In this view, the portions of the Torah (the first five books of the Bible) which use the word Elohim for God (the “E Source”) are likely describing the band that emerged from Egypt in the New Kingdom, struggling between a monotheistic concept of God (whom they called Elohim) and worship of the golden calf so frequently portrayed in Egyptian iconography (as in the several Egyptian cow gods, Apis and Hathor, for example). A charismatic leader (or leaders) led them out of Egypt into the Sinai desert, and persistently brought them back to Elohim even as he punished them for falling back upon the calf god (as “Moses” is represented as doing in the Bible).

On the other hand, those portions of the Torah that use the word Jahweh for God (the “J Source”) are thought to represent groups long in the vicinity of Median in the Sinai desert, with Jahweh being originally a local mountain/volcano God. The “Moses” who is represented in the Bible as a shepherd and son-in-law of the shepherd Jethro in Median represents this group.

The Egyptian band of proto-Jews in time met up with the Sinai band of proto-Jews, allied with them to conquer Canaan, and their two differing histories and names for God were melded together uneasily, resulting in the “Moses” figure of the Torah and the E and J sources for the document (in addition to a later priestly source).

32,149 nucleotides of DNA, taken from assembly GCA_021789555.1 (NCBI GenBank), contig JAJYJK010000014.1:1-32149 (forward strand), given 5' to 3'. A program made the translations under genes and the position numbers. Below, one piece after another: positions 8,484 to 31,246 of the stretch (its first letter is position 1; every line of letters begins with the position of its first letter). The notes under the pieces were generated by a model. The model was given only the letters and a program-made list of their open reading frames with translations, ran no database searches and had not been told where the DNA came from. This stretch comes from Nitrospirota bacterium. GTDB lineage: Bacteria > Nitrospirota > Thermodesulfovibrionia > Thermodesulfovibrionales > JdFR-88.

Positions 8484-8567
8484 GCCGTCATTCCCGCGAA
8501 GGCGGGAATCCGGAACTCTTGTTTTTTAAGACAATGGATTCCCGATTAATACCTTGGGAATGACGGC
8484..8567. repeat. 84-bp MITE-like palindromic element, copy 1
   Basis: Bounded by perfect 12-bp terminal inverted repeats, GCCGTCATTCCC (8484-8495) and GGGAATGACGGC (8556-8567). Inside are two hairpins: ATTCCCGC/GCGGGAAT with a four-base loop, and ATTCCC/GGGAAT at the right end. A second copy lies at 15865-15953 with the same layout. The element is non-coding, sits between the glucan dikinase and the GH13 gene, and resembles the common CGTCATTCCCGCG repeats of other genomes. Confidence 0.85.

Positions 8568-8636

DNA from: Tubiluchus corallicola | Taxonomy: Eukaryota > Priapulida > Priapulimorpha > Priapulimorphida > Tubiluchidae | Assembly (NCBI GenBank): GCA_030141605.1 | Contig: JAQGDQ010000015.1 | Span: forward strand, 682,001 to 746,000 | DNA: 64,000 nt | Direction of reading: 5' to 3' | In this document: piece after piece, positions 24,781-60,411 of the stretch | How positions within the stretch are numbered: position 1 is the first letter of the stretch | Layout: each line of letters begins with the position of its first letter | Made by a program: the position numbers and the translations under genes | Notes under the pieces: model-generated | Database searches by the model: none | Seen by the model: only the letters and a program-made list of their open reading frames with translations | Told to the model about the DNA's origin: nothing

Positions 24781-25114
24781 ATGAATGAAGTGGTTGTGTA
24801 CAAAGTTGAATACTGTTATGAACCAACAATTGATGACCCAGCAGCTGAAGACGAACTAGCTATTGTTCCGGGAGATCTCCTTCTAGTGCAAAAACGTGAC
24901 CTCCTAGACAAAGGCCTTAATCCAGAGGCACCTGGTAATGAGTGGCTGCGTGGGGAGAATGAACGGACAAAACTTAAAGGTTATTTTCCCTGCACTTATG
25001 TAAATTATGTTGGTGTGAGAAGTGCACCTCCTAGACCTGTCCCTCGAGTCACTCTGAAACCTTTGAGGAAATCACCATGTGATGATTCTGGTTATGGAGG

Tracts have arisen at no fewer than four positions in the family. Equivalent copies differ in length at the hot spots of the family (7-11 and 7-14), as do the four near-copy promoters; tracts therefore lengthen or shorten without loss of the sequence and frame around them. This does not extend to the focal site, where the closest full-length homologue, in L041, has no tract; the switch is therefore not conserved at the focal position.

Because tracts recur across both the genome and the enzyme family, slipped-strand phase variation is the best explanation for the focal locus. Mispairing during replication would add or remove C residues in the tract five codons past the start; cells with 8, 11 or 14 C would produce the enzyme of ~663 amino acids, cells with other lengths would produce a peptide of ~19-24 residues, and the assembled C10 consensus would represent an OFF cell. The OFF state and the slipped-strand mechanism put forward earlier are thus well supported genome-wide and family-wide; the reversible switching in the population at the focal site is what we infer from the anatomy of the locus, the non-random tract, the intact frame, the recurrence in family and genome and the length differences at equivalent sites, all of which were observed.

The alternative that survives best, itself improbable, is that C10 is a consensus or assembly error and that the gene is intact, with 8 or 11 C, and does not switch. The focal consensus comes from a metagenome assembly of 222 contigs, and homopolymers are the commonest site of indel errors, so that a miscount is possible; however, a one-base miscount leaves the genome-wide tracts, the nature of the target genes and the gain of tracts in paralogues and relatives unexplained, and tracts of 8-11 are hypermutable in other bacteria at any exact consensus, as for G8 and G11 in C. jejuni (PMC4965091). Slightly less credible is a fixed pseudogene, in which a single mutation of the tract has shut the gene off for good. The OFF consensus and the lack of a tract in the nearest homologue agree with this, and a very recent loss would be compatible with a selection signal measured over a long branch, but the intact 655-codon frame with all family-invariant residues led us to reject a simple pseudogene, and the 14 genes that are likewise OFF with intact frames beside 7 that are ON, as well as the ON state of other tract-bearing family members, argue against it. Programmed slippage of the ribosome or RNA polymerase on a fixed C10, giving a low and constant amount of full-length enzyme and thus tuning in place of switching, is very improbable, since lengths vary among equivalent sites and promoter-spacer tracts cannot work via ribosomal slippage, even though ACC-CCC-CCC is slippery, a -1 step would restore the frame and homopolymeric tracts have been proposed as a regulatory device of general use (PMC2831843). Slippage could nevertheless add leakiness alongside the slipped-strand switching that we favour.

Like Breasted, Sigmund Freud argued (in Moses and Monotheism, 1929) that the “Moses” emerging with a semitic band from Egypt was probably a nobleman from the royal court of Akhenaten, a believer in Akhenaten’s monotheism (hence his name Aten-mose) fleeing the re-imposition of the polytheistic cults dominated by Amun after Akhenaten’s death. Freud explores and evaluates the similarities and differences between Akhenaten’s monotheism and that of the Jewish Torah. Freud took this basic approach one step further, adding his psychoanalytic theories of the band of brothers (the Israeli nation) experiencing guilt over their killing of their domineering father (Moses). While Moses and Monotheism is fascinating reading and convincing in some respects, the psychoanalytic angle is persuasive to few these days.

Of course, I tie all this into my novel, and indeed Sherlock must know it to save his own life late in the novel. Never a dull moment, eh?